This is fine if you don’t do any processing of your image files or if you shoot strictly for your social media, website or blog. These files will also work well for prints in the 11×14 range or smaller. You can go into your camera menu and set the JPEG quality for high, which gives you a better quality file with less compression, and you can adjust the degree of saturation as well. A camera can also capture JPEG files faster than RAW files, making this a good format choice for sports or wildlife photographers working with motion and high-speed motor drives.
JPEG files would be a better format for high-speed capture of the action in a sailboat race
If you have started processing your files in Lightroom or Photoshop, however, shooting RAW files is a much better choice.
The depth of information in a RAW file makes it possible to alter the basic image in a wide range of directions without the image breaking down. RAW files have so much information that you can push those pixels all over the place.
The RAW file on the left and the JPEG on the right, shot at the same time, are quite similar
If you are just starting to learn how to process your images for greater impact, but you still feel more comfortable with JPEGs, open your camera menu and set your camera to capture both JPEG and RAW files for each image. This gives you a finished JPEG to use immediately and a RAW file to process into an image that has your stamp on it. If you are serious about image quality and don’t need to capture multiple images quickly, set your camera to RAW format. You can then create JPEG or TIFF files on demand, depending on the planned use of each image.
Maybe you want a unique “look” to define your style.
This is quite common among portrait or food photographers. Much of their distinctive “look” is created in post-production. Some photographers even sell groups of presets for use with Adobe Lightroom and Photoshop that create certain contrast and toning effects. All of this requires image files that have large amounts of data—a RAW file.
Normally processed RAW file of risotto balls on the left and cooler version using a preset on the right
In many ways, Ansel Adams started this trend with his Zone System. It was essentially a system used to manipulate black and white images. Imagine what he would think of being able to process RAW files in Lightroom or Photoshop? I’m sure he would be fascinated to see the variety of images that can be produced from a single RAW File—essentially a digital negative.
Architecture is one of those photographic subjects that cries out to be captured in black and white. Composed of shapes, texture and light with little inherent color, architectural images often turn quite dramatic when color is stripped away.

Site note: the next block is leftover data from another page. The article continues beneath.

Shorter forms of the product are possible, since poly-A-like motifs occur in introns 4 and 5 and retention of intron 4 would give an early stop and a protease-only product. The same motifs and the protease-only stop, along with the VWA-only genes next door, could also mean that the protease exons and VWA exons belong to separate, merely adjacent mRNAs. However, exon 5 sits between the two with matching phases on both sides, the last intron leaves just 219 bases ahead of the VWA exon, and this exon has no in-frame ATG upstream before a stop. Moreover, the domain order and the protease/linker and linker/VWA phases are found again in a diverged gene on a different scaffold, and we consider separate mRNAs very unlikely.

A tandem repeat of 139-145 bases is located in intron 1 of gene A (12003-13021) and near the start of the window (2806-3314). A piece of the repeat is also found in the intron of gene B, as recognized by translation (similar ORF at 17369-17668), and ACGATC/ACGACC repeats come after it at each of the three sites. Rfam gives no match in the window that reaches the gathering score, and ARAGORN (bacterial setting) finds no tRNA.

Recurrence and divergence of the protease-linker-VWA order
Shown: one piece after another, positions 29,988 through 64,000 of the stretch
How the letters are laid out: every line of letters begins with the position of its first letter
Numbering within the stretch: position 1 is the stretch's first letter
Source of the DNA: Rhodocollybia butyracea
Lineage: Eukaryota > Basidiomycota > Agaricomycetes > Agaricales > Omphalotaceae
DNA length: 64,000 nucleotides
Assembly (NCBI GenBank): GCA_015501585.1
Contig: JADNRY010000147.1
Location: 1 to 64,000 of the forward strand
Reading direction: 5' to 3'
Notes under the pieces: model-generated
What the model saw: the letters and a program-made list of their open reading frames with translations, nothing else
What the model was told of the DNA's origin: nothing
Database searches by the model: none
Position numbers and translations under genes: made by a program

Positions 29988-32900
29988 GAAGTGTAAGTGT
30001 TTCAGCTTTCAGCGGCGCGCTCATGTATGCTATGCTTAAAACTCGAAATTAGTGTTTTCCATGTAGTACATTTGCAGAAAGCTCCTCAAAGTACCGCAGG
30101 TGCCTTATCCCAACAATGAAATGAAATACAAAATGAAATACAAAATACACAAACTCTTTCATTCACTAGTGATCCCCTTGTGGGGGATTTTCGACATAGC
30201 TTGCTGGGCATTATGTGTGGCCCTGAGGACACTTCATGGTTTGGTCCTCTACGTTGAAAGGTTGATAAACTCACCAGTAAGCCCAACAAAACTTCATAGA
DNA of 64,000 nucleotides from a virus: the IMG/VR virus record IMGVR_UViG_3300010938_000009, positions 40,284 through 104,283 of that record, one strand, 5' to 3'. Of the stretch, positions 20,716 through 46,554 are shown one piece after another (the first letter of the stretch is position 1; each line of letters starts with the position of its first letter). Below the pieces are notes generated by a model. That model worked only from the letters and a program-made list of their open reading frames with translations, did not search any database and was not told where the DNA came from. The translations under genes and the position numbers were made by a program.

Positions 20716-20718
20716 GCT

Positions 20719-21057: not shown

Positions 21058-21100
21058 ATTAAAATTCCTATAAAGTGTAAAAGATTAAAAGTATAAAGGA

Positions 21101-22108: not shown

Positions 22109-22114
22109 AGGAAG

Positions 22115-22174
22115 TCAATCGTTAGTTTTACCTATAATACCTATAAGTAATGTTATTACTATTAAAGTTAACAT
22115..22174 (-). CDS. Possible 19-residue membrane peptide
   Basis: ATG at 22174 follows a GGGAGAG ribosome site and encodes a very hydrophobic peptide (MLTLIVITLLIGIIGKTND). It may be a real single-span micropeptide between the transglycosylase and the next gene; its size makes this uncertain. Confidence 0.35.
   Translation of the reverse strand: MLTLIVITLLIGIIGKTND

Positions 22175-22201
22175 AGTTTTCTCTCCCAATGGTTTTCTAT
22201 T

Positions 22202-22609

Black and White photograph of Walt Disney Concert Hall at dusk
It’s almost as if the building’s soul is revealed when photographed in black and white.
The choices I make in processing architecture images into b&w are highly subjective, of course. For black and white architecture images, I prefer more contrast than in my landscape images and more emphasis on texture than in my tight portraits.
I’m not trying to sell real estate. I’m selling drama and impact.
The inherent sculptural quality of a structure is what I am actually trying to illustrate. Sometime approaching a building as an abstract object can be interesting, as in the case of Southwest and Pueblo adobe buildings. The texture of the adobe (see above) is as important as defining the massive planes of this traditional style of architecture.
Black and White photograph the church at Rancho de Taos, New Mexico
At the other end of the scale are sleek, modern buildings like the abstract Walt Disney Concert Hall, especially fun while shooting with a Lensbaby, which is designed to distort reality.
Black and white photograph of abstract building detail using a Lensbaby
Often, details of a structure can tell the viewer as much about a building as an overview.
I find this especially true in the case of older styles of architecture, like Victorian, and buildings from other cultures like China. Details can be interesting just because we often tend not to focus on them when visiting a site.
Black and white photograph of the details of a Victorian church
Black and white photograph of traditional Chinese architecture
Whether your favored architectural subject is a lonely church out in the middle of the Western plains or a busy multi-storied mall with levels that look like the ribs of a gigantic creature, converting your color architecture image to black and white will visually pare the subject down to its elemental components and reveal the true personality of a building.
Black and white photograph of solitary church in the West
Photographing a piece of architecture in black and white is rather like creating an insightful portrait of a person, only it doesn’t fidget as much.
Black and white photograph of a modern shopping mall